Edward Snowden
Visitors walk into The Mira Hotel, where 29-year-old former CIA employee Edward Snowden was reported to have checked out of on Monday, in Hong Kong - Reuters

Edward Snowden, the whistleblower who leaked top-secret files belonging to the National Security Agency (NSA), has disappeared in Hong Kong as the Obama administration presses ahead to get him extradited to the US.

The ex-CIA official had checked out of the Mira Hotel in Hong Kong on Monday afternoon, suggest reports. While his whereabouts are unknown, he is still believed to be in Hong Kong which is subject to Chinese sovereignty.

The 29-year-old man, who is behind one of the biggest intelligence leaks in US history, went public revealing his identity during an interview with The Guardian.

The US justice department is now engaged in framing charges against Snowden. The government usually needs to charge a suspect before other governments can get hold of him in order to extradite him.

Federal authorities in the US who have expertise in such extradition cases have already begun building their case against Snowden.

James Clapper, the director of the NSA, told NBC news that the disclosures "violate a sacred trust for this country. The damages that these revelations incur are huge."

Meanwhile, authorities in Hong Kong are treading cautiously as any extradition row would place further strain on the fragile relationship between Washington and Beijing.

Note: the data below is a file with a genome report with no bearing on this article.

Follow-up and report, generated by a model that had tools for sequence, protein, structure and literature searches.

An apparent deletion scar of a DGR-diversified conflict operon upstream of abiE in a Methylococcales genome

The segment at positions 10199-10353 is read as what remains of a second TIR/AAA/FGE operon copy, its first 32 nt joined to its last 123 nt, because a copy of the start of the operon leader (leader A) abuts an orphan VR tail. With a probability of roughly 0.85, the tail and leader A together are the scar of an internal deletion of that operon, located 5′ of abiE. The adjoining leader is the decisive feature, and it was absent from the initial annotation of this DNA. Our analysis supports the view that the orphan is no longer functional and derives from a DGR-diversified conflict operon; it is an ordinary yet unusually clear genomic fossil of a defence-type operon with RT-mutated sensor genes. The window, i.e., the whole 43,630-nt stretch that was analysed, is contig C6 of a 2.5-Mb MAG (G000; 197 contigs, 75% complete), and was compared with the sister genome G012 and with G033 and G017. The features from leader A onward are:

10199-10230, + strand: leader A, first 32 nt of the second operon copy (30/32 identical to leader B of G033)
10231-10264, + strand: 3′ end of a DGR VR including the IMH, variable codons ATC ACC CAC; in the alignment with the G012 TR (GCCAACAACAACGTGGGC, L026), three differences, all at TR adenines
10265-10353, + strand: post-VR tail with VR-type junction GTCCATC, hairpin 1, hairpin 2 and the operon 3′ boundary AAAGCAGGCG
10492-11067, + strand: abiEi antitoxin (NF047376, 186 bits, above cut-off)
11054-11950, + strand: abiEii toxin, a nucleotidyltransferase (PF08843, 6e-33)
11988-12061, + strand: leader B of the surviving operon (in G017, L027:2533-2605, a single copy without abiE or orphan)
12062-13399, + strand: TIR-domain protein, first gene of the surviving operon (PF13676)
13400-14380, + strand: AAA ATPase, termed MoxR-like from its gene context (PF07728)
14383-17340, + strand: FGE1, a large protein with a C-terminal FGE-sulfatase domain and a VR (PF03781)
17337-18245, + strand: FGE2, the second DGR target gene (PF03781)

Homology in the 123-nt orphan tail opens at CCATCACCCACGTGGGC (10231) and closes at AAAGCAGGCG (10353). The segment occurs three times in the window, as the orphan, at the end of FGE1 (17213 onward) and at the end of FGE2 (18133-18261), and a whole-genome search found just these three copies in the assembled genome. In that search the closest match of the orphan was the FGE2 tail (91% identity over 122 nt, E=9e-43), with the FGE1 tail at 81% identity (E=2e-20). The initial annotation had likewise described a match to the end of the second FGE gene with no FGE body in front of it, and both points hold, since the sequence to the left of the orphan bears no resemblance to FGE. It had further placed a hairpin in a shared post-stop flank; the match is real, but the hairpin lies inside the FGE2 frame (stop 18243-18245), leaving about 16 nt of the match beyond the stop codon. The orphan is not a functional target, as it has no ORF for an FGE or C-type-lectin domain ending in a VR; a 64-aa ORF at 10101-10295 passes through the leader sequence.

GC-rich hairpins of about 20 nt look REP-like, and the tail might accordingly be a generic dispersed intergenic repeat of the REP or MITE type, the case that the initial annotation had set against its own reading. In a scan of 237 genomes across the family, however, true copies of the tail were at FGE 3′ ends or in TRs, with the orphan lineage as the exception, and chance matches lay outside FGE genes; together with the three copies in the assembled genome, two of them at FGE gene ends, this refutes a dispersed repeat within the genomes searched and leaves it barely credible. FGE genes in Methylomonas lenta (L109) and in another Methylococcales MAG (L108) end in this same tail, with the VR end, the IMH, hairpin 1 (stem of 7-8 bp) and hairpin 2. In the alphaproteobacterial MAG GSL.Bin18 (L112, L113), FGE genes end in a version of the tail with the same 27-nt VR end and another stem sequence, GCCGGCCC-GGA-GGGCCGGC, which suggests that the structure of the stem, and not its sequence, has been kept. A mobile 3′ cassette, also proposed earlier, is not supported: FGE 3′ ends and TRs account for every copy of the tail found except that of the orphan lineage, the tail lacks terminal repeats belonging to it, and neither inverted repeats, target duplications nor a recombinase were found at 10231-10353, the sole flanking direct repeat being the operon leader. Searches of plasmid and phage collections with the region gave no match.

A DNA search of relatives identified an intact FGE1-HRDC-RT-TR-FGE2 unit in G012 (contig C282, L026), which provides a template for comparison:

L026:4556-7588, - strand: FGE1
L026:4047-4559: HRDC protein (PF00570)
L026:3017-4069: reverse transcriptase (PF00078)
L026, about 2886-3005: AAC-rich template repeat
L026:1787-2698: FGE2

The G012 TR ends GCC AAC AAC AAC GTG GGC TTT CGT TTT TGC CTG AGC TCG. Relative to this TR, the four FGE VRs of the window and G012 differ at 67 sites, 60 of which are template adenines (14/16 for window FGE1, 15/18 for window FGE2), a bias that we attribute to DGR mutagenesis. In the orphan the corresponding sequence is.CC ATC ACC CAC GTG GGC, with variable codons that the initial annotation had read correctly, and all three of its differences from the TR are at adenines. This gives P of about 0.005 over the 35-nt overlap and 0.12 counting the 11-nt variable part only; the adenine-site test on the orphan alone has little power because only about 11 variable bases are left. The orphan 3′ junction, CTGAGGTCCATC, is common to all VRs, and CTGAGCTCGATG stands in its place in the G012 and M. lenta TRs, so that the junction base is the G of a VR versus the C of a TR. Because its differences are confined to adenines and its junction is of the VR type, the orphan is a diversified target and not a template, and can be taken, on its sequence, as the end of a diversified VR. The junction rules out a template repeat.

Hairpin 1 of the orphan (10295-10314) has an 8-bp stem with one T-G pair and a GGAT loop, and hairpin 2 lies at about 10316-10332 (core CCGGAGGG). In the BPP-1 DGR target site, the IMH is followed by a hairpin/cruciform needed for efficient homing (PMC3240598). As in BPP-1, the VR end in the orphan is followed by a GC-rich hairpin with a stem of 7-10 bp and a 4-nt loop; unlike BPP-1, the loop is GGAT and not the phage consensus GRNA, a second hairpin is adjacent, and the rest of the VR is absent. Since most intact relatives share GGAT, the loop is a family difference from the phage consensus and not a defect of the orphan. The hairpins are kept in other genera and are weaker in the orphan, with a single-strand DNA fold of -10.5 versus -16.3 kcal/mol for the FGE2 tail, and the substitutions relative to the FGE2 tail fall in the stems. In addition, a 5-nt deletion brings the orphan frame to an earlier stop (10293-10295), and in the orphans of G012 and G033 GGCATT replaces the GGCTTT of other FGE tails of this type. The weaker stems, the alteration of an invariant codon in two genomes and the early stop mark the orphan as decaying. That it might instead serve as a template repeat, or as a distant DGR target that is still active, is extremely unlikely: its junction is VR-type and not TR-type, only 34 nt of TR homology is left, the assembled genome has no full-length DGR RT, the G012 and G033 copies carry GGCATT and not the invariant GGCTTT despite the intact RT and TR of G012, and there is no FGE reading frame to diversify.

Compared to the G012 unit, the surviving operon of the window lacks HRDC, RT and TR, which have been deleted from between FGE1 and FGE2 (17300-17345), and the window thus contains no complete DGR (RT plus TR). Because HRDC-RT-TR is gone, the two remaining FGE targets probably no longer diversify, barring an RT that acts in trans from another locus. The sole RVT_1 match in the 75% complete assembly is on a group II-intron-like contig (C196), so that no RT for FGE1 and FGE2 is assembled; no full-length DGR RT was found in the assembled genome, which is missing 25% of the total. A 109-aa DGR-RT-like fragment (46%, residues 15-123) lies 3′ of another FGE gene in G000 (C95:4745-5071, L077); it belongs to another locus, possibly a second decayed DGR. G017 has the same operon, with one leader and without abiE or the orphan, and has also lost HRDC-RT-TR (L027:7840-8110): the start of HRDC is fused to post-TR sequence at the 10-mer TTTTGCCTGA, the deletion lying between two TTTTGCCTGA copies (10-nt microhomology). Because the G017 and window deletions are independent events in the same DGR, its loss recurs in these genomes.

"We do have bilateral agreements with the US and we are duty-bound to comply with these agreements. Hong Kong is not a legal vacuum, as Mr Snowden might have thought," said Regina Ip, a Hong Kong policymaker and former security secretary, according to Reuters.

Though the Chinese territory has its own extradition agreement with the US, it could possibly take several months before Beijing takes a leading role in getting hold of Snowden.

Assange Support

Meanwhile, Snowden has been attracting support from activists and whistleblowers across the world.

Hailing Snowden as a "national hero", a petition on the White House website calls for him to be pardoned before he has been charged. The petition has gathered nearly 40,000 signatures and continue to increase.

The disclosures have triggered mixed responses among top Washington officials with some calling for extradition and others hailing Snowden.

"The government does not need to know more about what we are doing. We need to know more about what the government is doing. We should be thankful for individuals like Edward Snowden," said Ron Paul, a former House member.

White House spokesperson Jay Carney has evaded questions pertaining to Snowden.

Republican Mike Rogers said: "Anyone responsible for leaking classified information should be punished to the fullest extent of the law."